We have written previously about the Libris Geschiedenis Prijs and how it informs our purchasing of Dutch history books. The longlist of ten titles for the 2019 prize, chosen from more than 300, was announced in July. This was then whittled down to a shortlist of five titles earlier this month, with the winner to be announced at the end of October.
Looking at last year’s shortlist, we chose to buy four of the five shortlisted titles for 2018 including the winner:
- Nobel streven: het onwaarschijnlijke maar waargebeurde verhaal van ridder Jan van Brederode by Frits van Oostrom (C215.c.6483). In this book, the winner, the author has reconstructed the life of Jan van Brederode, a little-known nobleman of the late 14th century who died at Agincourt.
- Thorbecke wil het: biografie van een staatsman by Remieg Aerts (601:5.c.201.24) is the first full biography of Johan Rudolf Thorbecke, an important 19th century Dutch statesman who wrote a constitution in 1848 and thus introduced parliamentary democracy to the Netherlands.
- Kolonialeoorlogen in Indonesië: vijf eeuwen verzet tegen vreemde overheersing by Piet Hagen (634:2.c.201.3) looks at five centuries of colonial wars in Indonesia and is a useful reference tool on the history of Indonesia generally.
- De toren van de Gouden Eeuw: een Hollandse strijd tussen gulden en God by Gabri van Tussenbroek (C215.c.1510) tells the story of 17th century reconstruction and power struggles in Amsterdam.
When we talk about Cambridge’s amazing ebook collections, we often think only of their English-language content – yet there is a great deal of foreign-language material available too. The growth of institutional ebook availability has varied in the languages and countries that our department, Collections and Academic Liaison (CAL), deals with. Costs can also vary enormously (some ebooks cost nearly four times the print version while others can be far closer to the print price), but we are always happy to include ebooks in our language accessions as much as possible. This post provides a brief summary of major bought and open access ebook providers and packages in CAL’s languages.
Images from De Gruyter
In 2015 we wrote about books shortlisted for the 2014 Libris Geschiedenis Prijs, showing that we selectively buy Dutch books on major Dutch historical topics or those with a strong interdisciplinary appeal. In this post we look at a few books acquired in the intervening years which have been shortlisted for the same prize:
First, from the 2015 shortlist, is Cees Fasseur’s Eigen meester, niemands knecht: het leven van Pieter Sjoerds Gerbrandy, Minister-president van Nederland in de Tweede Wereldoorlog (C214.c.2469). This substantial work is the first major biography of the man who held the important position of Prime Minister of the Netherlands from 1940 to 1945 in exile in London.
Nominated for the 2016 prize was De roofkoning: Prins Willem III en de invasie van Engeland by Machiel Bosman (C213.c.3769). Books about William of Orange and his connections with England hold obvious appeal for us. This well-researched but concise account is a combination of history book and novel, telling the story of William’s invasion of England from the different perspectives of the main protagonists. William of Orange is a main player too in the book featured from last year’s shortlist, Oranje tegen de Zonnekoning: de strijd tussen Willem III en Lodewijk XIV om Europa by Luc Panhuysen (C212.c.6787), a comprehensive description of the intense rivalry between Louis XIV and William of Orange who were 17th century contemporaries. Continue reading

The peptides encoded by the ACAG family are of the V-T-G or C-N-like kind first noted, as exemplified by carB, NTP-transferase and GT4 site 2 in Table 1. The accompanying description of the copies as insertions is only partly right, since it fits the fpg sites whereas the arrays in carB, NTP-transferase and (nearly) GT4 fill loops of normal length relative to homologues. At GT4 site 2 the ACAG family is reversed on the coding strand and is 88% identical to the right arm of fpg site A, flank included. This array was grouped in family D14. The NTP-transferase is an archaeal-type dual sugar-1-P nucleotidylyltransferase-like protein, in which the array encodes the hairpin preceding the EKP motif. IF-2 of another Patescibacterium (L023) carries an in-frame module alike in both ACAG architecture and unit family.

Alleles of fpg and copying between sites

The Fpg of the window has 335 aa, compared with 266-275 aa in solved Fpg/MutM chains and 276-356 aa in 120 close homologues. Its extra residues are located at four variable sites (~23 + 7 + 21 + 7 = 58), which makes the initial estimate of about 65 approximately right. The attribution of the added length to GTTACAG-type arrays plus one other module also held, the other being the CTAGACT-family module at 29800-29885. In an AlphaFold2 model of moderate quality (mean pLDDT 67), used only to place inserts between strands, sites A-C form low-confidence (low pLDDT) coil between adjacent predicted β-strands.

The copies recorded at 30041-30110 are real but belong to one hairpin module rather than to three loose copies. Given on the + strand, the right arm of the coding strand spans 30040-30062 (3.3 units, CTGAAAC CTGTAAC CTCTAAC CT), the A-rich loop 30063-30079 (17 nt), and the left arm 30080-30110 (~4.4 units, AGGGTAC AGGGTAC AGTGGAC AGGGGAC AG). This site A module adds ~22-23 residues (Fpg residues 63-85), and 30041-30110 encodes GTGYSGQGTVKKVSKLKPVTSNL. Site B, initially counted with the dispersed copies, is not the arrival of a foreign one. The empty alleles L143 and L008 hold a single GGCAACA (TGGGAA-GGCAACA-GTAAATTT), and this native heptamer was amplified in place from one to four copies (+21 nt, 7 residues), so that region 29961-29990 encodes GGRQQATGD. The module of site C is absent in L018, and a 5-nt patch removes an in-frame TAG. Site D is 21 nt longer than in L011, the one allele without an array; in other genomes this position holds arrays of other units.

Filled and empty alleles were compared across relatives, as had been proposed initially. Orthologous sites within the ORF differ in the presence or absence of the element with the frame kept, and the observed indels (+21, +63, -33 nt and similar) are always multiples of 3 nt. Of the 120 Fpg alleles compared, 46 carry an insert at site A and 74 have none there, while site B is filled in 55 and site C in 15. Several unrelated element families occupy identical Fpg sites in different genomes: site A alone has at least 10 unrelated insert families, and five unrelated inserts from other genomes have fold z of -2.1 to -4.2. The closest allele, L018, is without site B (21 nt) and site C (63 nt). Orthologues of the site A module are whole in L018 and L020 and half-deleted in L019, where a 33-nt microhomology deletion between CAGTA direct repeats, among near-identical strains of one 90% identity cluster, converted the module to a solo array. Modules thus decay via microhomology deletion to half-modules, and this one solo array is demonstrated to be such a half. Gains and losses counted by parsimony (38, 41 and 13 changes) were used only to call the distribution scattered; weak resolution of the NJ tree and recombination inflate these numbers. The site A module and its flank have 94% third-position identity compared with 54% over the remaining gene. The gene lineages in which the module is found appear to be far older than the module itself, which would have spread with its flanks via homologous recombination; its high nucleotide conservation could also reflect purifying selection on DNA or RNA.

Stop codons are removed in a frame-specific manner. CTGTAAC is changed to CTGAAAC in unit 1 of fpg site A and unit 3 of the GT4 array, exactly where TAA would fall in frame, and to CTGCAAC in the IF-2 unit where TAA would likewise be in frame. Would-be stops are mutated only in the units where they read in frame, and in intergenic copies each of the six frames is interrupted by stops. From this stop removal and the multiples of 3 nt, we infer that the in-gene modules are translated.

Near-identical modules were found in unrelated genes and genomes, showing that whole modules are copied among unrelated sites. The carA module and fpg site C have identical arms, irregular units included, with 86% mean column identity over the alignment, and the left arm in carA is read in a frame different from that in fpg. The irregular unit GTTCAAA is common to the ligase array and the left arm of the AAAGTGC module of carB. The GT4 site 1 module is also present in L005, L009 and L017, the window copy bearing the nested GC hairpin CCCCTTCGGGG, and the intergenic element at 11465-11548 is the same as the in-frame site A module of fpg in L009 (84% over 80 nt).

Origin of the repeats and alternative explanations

This post is written by David Lowe, who retired from our department in April. We hope it is the first of many retirement-era contributions.
When in August 2001 the University Library acquired its copy of Roland Jaeger’s New Weimar on the Pacific: the Pazifische Presse and German exile publishing in Los Angeles, 1942-48 (862.c.504), a history of the small private press which published eleven German language titles between 1942 and 1948, we had none of the books in the collection. That omission has now been partly rectified, and in recent years we have bought four titles, three of them presented by the Friends of the Library from the legacy of Mrs Margaret Green, wife of the former Schröder Professor of German Dennis Green.
How we used to order in pre-computer days
Many of our readers, familiar with the ease of book purchasing over the internet, often with a next-day delivery service, assume that the buying of new titles by the Library is invariably straightforward. The internet has certainly facilitated the way in which we work. Ordering 20 books on-line usually only takes a few minutes. It is much easier to establish whether a title is still in print, although publishers’ and vendors’ websites are often not completely up to date in the detail they provide. The websites of many suppliers enable us to track our requests, seeing the dates on which they order, acquire and dispatch a book. Sites such as Abebooks and Chapitre can make the acquisition of many out-of-print items far easier.
It shouldn’t be assumed, however, that the Library can always replicate the experience of the private individual, particularly in terms of e-books. Continue reading